Often people with real pain slip into addiction over time. I have a cousin, he's a professional, he has good family support. A few years ago he developed residual pain in his face from a medical condition. He just went into treatment for a big problem with vicidin and oxycontin. I know how severe this problem can be.
If you're struggling with an addiction or dependence to oxycontin, vicidin or other drugs of this type, there is help available. Check out AA or NA groups. Try 6 before you decide you don't "like" them - after all, in order for something to change you will have to do things differently. There's also plenty of online support these days.
Look for 1 thing each meeting that you can take and use for yourself. The tendency for the mind is to throw the baby out with the bathwater, but a focus on 1 positive thing you can take for yourself is good. Also, see a physician, or a treatment program in your area, and get help for withdrawal symptoms. It can be very dangerous to stop taking these types of medications cold turkey. One step a a time.
Michael Jackson died from addiction a few years ago. All that incredible talent subsumed by an addiction fed by his doctors. Which is not to say Michael wasn't responsible for his own decisions. He also died because no one in his circle could say "no" to him. Certainly his doctor was unable to say "no." Jackson died from years of escalating abuse of prescription medications. One morning, one shot, one pill too many and on that particular day his system had had enough and went into arrest.
Jackson's addiction and death is sad for millions, but no more sad to me than my mother dying of cancer due to her cigarette addiction. Or my brother, who in four years has gone from middle-class salesman and homeowner to barely getting by, but sober. Or my sister, who is in her last months of struggling with alcoholism. I have said "no" to giving money to her except for food, to letting my brother live with me once he'd relapsed, to my mother taking care of my child when she was drinking. I know it's not easy, I've been there. What's most difficult is to say that no with love and compassion. Minutes ago I got to exercise a loving "no" with my sister. Sober yesterday, we planned a movie afternoon. Drinking today, I sadly declined as I choose to not be around her when she's doing so.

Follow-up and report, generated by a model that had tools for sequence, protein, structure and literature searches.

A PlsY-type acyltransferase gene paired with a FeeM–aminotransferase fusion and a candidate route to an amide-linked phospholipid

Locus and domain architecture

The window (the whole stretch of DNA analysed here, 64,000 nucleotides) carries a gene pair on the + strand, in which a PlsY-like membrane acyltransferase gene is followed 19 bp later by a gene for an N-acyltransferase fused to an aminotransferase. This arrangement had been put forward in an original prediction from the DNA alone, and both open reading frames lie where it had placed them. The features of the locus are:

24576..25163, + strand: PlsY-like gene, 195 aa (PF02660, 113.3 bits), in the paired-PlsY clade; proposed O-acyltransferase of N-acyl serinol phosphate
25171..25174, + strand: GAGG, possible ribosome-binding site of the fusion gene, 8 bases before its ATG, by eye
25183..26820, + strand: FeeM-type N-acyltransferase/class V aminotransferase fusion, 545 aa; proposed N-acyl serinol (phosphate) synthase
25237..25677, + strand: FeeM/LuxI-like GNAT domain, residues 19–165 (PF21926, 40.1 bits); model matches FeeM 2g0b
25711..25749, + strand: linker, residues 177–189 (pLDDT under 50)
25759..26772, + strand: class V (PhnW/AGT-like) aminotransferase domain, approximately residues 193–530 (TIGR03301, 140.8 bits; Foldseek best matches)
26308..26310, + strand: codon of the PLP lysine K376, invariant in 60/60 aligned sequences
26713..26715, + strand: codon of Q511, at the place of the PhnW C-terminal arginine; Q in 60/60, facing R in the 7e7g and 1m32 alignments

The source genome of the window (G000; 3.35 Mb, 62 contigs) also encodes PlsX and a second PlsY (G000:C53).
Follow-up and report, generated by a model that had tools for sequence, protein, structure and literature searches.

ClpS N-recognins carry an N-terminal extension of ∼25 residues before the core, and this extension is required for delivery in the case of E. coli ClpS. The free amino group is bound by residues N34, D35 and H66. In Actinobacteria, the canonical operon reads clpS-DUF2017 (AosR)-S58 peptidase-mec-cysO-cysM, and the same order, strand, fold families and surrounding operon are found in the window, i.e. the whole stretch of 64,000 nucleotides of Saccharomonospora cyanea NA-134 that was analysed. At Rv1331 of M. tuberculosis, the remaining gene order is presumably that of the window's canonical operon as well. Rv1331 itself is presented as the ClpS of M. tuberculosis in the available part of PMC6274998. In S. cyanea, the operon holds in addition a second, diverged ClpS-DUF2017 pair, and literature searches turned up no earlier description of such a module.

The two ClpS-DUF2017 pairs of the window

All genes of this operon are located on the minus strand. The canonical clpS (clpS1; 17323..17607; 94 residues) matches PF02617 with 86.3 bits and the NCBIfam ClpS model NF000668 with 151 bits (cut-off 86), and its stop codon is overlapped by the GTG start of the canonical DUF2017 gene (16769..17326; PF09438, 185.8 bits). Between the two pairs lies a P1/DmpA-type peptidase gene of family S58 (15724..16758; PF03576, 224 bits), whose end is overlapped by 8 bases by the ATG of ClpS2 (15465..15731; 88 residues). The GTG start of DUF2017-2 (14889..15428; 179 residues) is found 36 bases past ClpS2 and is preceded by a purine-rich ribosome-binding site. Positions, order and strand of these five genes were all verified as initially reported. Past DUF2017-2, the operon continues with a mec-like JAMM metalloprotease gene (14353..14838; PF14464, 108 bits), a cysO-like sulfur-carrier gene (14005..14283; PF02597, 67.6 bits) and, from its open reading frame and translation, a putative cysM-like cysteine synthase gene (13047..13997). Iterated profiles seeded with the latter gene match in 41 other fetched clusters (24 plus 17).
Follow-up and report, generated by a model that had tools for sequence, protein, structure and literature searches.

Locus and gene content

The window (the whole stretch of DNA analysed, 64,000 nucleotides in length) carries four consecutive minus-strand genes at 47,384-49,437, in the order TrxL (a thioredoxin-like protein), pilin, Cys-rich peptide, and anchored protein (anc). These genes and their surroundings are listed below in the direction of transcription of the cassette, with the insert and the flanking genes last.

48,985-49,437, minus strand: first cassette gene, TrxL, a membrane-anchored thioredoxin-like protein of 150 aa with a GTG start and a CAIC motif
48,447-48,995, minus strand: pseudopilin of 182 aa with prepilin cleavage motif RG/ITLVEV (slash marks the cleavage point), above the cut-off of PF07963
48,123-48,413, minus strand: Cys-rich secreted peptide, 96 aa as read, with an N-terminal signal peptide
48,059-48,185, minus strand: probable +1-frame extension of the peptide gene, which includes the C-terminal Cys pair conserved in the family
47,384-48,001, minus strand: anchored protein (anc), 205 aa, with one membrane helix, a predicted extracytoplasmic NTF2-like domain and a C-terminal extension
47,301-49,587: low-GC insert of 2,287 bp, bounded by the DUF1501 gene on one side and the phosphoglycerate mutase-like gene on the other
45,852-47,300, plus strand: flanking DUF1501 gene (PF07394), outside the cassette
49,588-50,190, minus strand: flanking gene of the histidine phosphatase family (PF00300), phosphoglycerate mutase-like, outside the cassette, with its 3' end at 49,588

Addiction is not just to the hard stuff, but to what I call the "lite" addictions and what Steve Bhaerman refers to as "weapons of mass distraction." We seem to need a buffer between ourselves and the stresses and upsets of daily living. Anything from hours of TV, to cruising through the fast food drive-in on the way to Starbucks, with a few hours of shopping to top it off. We Americans love our distractions, temporary though they may be. But, take a breath, (one of my favorite buffers) because JOY and freedom are available to create a pause button to "lite" addictions with easy to learn body-mind strategies that I'll be sharing in the weeks ahead.
Are all Americans addicted? Of course not. However, there are many that are "addictive." Meaning they have what I call "Lite" addictions. These normal Americans do a little shopping when stressed, work compulsively when anxious, or drink a couple glasses of wine a night to relax. In my book Intentional JOY: How to Turn Stress, Fear & Addiction into Freedom I explain and explore why we are so addictive and give strategies for coping with stress. One example is the TARA process below.
Addiction can be thought of on a continuum. Imagine a line across the page and at one of the line are those that have no addictive behaviors and at the other end are those whose lives are unmanageable or out of control. Most people that have addictive issues, sit somewhere between those two end spots.